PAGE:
Fender Player Plus Active Meteora Bass review

Meet the Fender offset for bassists looking for a radical alternative to P and J archetypes, and for some oomph from the active Fireball humbucker pairing

Fender Player Plus Active Meteora bass
(Image: © Future)

Guitar World Verdict

A refreshing take on the Fender feel, but with a new edge.


  • +

    High-register fret access.

  • +

    Tones with range and power.

  • +

    No neck dive.

  • +

    Rolled fingerboard edges.


  • -

    Shape will deter purists.

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Fender’s design division have obviously been having a lot of fun lately, expanding their Parallel Universe line of instruments in 2018 with the new Meteora range and adding a Custom Shop version two years later. 

While that high-spec bass guitar came with an equally high price tag, this new active Meteora has been slotted into Fender’s Player Plus line of relatively affordable, high-functionality instruments, with a user cost in the low four figures.

I reviewed the Player Plus Precision a couple of issues back and was impressed, because it offered loads of tone options and playability at a reasonable price, while still being recognisably Fender-esque: Let’s see if the much more radically-shaped Meteora can match up.

Build Quality

Fender Player Plus Active Meteora bass

(Image credit: Future)

Before we get into the literal nuts and bolts of this instrument, let me start by saying how inspiring it is to play a bass that has no neck-dive whatsoever, presumably due to its body shape. The extra mass at the back and bottom of the Meteora means that you don’t have to hold the neck up with your fretting hand. This might sound trivial, but believe me, after eight million bass reviews, you appreciate this detail.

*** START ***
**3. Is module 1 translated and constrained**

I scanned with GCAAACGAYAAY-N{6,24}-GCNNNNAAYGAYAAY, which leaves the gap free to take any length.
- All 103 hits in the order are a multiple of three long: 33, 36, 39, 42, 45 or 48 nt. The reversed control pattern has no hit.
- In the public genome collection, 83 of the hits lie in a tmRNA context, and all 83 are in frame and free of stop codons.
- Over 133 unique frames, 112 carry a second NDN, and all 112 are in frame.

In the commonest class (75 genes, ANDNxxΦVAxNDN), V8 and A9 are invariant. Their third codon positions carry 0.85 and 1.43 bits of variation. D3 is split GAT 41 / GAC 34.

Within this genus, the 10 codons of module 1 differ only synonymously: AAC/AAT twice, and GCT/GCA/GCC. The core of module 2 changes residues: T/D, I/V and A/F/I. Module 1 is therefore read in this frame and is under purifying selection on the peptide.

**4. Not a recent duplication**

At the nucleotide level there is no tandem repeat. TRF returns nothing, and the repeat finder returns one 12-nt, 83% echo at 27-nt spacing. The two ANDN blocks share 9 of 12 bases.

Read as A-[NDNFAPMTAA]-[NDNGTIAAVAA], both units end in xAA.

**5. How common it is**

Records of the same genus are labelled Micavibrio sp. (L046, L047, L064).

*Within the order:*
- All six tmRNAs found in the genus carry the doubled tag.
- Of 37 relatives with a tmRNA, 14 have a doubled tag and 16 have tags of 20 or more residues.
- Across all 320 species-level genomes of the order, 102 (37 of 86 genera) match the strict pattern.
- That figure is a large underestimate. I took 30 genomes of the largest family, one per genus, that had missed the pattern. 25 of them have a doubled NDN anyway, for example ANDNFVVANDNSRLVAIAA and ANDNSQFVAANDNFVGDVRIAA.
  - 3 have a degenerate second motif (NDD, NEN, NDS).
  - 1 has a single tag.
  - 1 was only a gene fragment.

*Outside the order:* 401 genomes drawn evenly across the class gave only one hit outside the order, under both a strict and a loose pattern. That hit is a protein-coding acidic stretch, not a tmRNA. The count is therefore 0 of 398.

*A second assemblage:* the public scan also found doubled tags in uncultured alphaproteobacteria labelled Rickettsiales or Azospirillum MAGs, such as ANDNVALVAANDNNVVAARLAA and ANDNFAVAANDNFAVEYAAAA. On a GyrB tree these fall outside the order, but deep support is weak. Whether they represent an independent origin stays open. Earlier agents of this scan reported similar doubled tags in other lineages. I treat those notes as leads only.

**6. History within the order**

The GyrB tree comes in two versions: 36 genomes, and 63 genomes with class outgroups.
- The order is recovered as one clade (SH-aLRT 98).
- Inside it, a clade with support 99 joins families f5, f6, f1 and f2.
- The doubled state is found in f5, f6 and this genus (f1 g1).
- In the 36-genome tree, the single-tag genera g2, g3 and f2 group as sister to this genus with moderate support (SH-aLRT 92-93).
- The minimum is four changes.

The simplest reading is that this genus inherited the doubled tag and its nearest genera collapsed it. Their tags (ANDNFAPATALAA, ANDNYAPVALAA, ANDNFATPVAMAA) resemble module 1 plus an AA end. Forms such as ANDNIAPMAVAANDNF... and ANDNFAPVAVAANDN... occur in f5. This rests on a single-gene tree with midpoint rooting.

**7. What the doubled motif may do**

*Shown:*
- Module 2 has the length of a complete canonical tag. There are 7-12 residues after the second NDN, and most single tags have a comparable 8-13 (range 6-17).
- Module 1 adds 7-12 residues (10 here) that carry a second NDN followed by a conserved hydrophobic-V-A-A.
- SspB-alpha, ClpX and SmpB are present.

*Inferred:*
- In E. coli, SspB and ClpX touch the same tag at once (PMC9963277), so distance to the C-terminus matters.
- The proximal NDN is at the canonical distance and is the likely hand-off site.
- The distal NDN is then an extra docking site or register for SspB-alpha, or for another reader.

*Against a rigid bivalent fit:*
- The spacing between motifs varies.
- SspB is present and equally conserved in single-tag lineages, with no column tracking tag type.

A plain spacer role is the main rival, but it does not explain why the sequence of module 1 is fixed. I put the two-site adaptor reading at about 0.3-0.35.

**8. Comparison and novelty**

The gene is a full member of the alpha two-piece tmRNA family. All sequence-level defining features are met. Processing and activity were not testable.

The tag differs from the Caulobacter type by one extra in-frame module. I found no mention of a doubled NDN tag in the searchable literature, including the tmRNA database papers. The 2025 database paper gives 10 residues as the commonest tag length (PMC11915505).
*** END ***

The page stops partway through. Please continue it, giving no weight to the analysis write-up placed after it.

Take a look at that body shape, then. There’s bits of Jaguar and Mustang in there, and even a hint towards the wacky Teisco instruments from the Sixties that you still see in guitar stores.

I suppose it’s weird enough to put a few people off, but once you’re actually playing the thing, it all starts to make sense, as we’ll see in a minute.

Components-wise, there’s nothing particularly out of the ordinary: Fender have stuck closely to the familiar P and J templates in more or less every way other than the body design. The body wood is alder and the neck is the expected maple; there’s a choice of pau ferro or maple fingerboard, depending on which finish you go for.

The neck feels like a blend of Precision and Jazz, without the club-like dimensions of the former and some of the slinkiness of the latter. Its finish is grippy enough for your fretting-hand thumb to feel at home, but there’s enough glide to make speedy upper-register fills doable: The rolled edges assist your playing speed, too. 

Twenty medium jumbo frets remind you that yep, this is a Fender, and the hi-mass bridge and cloverleaf tuners are satisfyingly chunky, helping to give this bass a feeling of solidity.

Sounds And Playability

Where the Meteora differs noticeably from your usual P and J models is in its beefed-up electronics, in place presumably because today’s young bassists need plenty of power and tones. Two Fireball humbuckers deliver the sounds, alongside an 18-volt active preamp – with batteries in two pop-out chambers – and a three-band EQ for cut and boost.